In another part of the battlefield, Henry notes that they seem to be winning ("Well have we done, thrice valiant countrymen"), and he asks about his kinsman, the Duke of York, whom he saw fighting and covered with blood. Exeter repeats York's last words and tells him in a moving speech how bravely York died. The Duke of York, wounded and dying, stumbled upon his noble cousin, the Earl of Suffolk, who lay dying. York took his cousin "by the beard, kissed the gashes," and called upon Suffolk to tarry for a moment so they could die together. Then:
So did he turn and over Suffolk's neck
He threw his wounded arm and kiss'd his lips;
And so espoused to death, with blood he seal'd
A testament of noble-ending love. (24-27)
Exeter tells how he wept like a woman at the sight, and King Henry is about to join "with mistful eyes" when, hearing an alarm, he realizes that the French have reinforced their armies, and he orders his men to kill all of the French prisoners.
First, this scene functions to announce the beginning of the English successes. Then it shifts its emphasis to narrate the deaths of the Duke of York, who has played only a small role in the drama, and the death of the Earl of Suffolk, who has not even appeared in the drama. This might seem confusing to the modern viewer, but from our knowledge of many of Shakespeare's history plays, some of the greatest moments are associated with a description of love and death; added to this is the bloody gore of the battlefield. Thus, in order to give a depth to the deaths of two who have played virtually no role in the development of the drama, this scene must be rendered within the context of a grim battle atmosphere.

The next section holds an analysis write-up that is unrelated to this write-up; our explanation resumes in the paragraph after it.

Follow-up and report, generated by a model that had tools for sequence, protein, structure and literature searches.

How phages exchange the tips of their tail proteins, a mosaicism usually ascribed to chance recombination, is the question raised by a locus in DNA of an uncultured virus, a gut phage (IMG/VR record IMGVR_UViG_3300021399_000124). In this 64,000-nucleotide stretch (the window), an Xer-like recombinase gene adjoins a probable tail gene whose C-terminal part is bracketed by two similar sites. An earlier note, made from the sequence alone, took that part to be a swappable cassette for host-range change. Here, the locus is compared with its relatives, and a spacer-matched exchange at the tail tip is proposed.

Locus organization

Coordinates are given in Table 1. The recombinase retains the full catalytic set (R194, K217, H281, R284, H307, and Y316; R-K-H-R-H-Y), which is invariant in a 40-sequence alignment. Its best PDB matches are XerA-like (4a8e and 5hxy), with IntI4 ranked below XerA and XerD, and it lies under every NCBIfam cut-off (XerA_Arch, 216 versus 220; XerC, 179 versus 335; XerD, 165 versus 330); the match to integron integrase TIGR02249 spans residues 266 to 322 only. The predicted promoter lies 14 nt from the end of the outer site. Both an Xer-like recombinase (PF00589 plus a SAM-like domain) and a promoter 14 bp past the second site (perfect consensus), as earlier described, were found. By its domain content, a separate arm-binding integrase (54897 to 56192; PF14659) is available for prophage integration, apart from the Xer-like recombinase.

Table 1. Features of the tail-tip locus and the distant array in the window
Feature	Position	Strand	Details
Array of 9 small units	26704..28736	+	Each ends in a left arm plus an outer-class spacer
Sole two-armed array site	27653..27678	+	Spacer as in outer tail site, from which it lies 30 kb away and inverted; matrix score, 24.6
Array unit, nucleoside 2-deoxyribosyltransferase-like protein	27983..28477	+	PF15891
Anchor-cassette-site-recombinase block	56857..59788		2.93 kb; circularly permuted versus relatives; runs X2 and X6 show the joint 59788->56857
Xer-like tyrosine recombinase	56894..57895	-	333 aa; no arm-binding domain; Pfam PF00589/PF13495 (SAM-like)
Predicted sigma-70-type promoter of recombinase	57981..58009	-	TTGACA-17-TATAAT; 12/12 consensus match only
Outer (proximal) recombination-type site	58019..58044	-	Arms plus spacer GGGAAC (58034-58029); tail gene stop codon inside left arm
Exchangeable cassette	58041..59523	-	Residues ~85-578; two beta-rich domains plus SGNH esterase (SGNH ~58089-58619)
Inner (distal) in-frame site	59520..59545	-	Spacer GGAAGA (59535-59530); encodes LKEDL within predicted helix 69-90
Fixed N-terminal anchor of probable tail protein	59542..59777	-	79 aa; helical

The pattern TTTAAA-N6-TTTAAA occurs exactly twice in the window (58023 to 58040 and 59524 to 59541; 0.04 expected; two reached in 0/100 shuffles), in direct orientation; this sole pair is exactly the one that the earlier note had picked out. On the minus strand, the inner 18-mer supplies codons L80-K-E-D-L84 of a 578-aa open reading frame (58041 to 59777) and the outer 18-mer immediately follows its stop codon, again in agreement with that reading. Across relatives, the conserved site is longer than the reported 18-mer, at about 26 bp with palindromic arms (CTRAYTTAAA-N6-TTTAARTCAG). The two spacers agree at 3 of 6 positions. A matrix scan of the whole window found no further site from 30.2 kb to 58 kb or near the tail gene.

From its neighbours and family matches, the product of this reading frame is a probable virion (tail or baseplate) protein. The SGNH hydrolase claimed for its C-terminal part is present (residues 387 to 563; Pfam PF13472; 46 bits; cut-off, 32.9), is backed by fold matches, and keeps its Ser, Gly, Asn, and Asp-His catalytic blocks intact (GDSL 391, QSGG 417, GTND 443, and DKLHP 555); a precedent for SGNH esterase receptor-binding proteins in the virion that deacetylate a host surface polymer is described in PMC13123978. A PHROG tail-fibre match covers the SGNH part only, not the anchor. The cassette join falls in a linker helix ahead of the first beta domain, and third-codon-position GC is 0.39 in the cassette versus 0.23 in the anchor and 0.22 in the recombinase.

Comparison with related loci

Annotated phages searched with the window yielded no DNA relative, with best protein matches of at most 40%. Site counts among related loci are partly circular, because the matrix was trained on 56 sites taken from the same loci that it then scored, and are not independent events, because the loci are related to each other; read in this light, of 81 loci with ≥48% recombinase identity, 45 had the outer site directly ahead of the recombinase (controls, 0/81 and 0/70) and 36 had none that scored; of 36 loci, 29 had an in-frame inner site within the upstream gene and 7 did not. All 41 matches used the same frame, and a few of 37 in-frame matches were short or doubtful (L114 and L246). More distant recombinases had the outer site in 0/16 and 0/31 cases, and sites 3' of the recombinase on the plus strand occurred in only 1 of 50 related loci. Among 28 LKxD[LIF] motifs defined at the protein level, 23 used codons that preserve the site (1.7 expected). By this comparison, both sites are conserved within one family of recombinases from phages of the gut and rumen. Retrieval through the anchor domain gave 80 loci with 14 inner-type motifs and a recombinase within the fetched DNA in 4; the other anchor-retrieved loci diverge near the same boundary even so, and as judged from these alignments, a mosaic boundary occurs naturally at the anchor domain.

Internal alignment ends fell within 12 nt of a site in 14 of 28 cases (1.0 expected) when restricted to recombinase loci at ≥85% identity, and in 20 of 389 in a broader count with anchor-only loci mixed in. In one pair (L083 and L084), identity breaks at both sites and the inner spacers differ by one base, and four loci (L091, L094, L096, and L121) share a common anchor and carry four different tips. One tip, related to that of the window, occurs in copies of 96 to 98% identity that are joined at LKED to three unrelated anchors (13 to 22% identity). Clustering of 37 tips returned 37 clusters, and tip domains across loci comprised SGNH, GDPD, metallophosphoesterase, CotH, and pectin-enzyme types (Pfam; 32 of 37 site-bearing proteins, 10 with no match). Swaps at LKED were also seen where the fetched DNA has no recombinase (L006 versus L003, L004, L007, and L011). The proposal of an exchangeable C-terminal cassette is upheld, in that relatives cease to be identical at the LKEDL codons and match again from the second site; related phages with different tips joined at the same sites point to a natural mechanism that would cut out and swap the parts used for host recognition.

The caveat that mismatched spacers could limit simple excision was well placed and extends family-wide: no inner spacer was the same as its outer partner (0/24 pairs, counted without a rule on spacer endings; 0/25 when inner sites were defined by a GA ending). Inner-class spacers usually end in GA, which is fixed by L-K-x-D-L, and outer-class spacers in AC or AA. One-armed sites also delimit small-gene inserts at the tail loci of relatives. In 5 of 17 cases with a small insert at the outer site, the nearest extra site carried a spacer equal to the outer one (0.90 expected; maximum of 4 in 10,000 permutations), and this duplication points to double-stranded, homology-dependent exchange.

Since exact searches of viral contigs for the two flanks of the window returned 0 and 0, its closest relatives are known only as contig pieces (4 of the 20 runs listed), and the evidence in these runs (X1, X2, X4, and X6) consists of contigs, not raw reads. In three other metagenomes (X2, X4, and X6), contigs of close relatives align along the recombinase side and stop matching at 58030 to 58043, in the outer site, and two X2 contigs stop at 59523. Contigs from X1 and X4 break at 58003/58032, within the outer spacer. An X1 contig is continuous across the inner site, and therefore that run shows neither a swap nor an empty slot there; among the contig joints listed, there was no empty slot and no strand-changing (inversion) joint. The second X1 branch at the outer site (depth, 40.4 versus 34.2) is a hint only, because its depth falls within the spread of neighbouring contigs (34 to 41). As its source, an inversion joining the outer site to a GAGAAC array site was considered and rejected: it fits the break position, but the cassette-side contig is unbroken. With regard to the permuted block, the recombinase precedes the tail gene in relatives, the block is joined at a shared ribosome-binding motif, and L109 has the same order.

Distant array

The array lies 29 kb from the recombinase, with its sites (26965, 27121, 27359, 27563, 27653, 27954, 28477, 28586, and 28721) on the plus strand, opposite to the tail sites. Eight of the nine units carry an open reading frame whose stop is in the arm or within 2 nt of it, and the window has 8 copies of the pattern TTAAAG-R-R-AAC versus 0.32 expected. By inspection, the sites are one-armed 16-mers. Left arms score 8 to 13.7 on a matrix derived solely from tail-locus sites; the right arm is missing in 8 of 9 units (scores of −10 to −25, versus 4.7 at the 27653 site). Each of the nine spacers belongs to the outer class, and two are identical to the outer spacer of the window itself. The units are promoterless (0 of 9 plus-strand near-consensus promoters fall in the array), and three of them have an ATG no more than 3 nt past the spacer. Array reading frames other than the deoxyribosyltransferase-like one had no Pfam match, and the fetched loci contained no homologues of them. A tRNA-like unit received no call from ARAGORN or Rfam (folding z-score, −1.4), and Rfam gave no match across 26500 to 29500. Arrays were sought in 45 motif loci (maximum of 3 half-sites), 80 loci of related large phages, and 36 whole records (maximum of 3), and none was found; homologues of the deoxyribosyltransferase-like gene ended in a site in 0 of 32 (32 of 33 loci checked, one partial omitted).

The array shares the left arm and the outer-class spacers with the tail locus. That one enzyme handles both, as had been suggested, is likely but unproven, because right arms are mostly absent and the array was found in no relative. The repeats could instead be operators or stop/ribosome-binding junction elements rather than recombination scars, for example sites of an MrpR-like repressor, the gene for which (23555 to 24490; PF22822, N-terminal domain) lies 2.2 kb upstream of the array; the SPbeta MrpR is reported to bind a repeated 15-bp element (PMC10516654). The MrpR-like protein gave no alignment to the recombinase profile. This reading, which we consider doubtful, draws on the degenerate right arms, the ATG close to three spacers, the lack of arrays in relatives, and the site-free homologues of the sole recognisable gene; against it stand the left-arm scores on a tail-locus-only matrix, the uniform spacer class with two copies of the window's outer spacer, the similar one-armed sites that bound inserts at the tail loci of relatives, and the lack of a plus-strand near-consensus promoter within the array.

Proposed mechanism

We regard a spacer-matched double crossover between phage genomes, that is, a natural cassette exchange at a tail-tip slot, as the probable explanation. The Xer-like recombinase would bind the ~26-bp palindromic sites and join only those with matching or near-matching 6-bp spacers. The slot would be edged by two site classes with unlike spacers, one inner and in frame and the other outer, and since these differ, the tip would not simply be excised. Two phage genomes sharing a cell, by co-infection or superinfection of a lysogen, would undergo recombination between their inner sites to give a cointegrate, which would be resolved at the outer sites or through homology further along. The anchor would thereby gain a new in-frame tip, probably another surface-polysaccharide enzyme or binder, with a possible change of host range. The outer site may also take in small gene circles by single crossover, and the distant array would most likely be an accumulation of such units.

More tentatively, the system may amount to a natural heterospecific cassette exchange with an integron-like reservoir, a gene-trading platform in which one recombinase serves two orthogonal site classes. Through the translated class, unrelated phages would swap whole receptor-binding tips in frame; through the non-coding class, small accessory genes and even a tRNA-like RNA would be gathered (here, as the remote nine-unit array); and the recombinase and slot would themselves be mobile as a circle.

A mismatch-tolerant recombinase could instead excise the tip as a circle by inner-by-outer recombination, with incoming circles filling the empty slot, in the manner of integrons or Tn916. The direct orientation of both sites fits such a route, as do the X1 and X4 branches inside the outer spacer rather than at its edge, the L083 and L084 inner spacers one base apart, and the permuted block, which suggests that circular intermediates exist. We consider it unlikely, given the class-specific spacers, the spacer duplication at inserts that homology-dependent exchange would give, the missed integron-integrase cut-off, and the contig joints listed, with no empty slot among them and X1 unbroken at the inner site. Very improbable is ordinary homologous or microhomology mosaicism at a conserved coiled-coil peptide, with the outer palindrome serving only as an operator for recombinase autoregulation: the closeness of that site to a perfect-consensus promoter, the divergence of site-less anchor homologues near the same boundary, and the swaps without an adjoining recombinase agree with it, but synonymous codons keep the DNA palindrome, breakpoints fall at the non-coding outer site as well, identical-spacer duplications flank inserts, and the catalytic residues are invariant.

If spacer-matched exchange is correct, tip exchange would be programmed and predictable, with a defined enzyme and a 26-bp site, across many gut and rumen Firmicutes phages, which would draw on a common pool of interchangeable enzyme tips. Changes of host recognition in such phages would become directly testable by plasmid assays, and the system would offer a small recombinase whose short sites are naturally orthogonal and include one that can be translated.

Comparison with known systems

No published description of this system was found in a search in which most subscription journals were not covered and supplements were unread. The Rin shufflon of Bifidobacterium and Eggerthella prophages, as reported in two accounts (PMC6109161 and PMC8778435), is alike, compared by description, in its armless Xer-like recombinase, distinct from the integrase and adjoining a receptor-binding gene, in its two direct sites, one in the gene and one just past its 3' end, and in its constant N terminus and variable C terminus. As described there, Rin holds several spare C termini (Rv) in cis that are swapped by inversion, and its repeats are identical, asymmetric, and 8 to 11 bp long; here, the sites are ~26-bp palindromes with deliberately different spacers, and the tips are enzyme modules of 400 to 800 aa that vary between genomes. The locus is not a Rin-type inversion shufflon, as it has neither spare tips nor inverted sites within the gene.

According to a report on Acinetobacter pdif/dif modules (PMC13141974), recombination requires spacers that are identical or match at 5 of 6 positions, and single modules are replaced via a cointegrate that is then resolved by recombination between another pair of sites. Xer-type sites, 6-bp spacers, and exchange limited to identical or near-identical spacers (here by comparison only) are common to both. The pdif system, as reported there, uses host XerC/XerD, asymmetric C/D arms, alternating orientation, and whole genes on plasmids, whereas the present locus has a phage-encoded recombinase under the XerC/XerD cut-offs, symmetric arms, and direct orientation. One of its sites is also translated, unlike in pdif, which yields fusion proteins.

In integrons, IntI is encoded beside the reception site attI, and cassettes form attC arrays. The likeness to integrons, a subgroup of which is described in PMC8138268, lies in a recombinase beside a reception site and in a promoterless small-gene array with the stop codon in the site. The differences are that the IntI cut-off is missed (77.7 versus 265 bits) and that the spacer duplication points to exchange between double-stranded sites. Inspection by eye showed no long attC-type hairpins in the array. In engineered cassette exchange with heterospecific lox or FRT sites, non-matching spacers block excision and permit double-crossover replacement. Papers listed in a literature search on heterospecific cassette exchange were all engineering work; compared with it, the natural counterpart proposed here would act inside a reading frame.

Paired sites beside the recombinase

Shakespeare's main purpose, here, is to show another aspect of Henry the King — one who can mourn and weep for his kinsmen and fellow soldiers fallen in battle, and then, in the next moment, put aside all sense of personal loss and sternly command the deaths of all the French prisoners in order to ensure the safety of the English soldiers. This quality of decisiveness is the stuff that all great field commanders are made of (at least Shakespeare seems to be saying this). We see evidence of the complete presence of mind and control that Henry has in the midst of a raging battle and in the throes of passion because of the deaths of his kinsmen.
For many modern readers, Henry's command to kill all the French prisoners might seem extremely cruel and barbaric or savage, but unless Henry wants to be defeated and have all of his men put to death, he must execute the prisoners before they are freed or before they revolt. In terms of historical accuracy, Henry did not reportedly issue this order until he discovered that the French had massacred all of the young boys and lackeys left in charge of the English equipment in the camp. This massacre is covered in the next scene.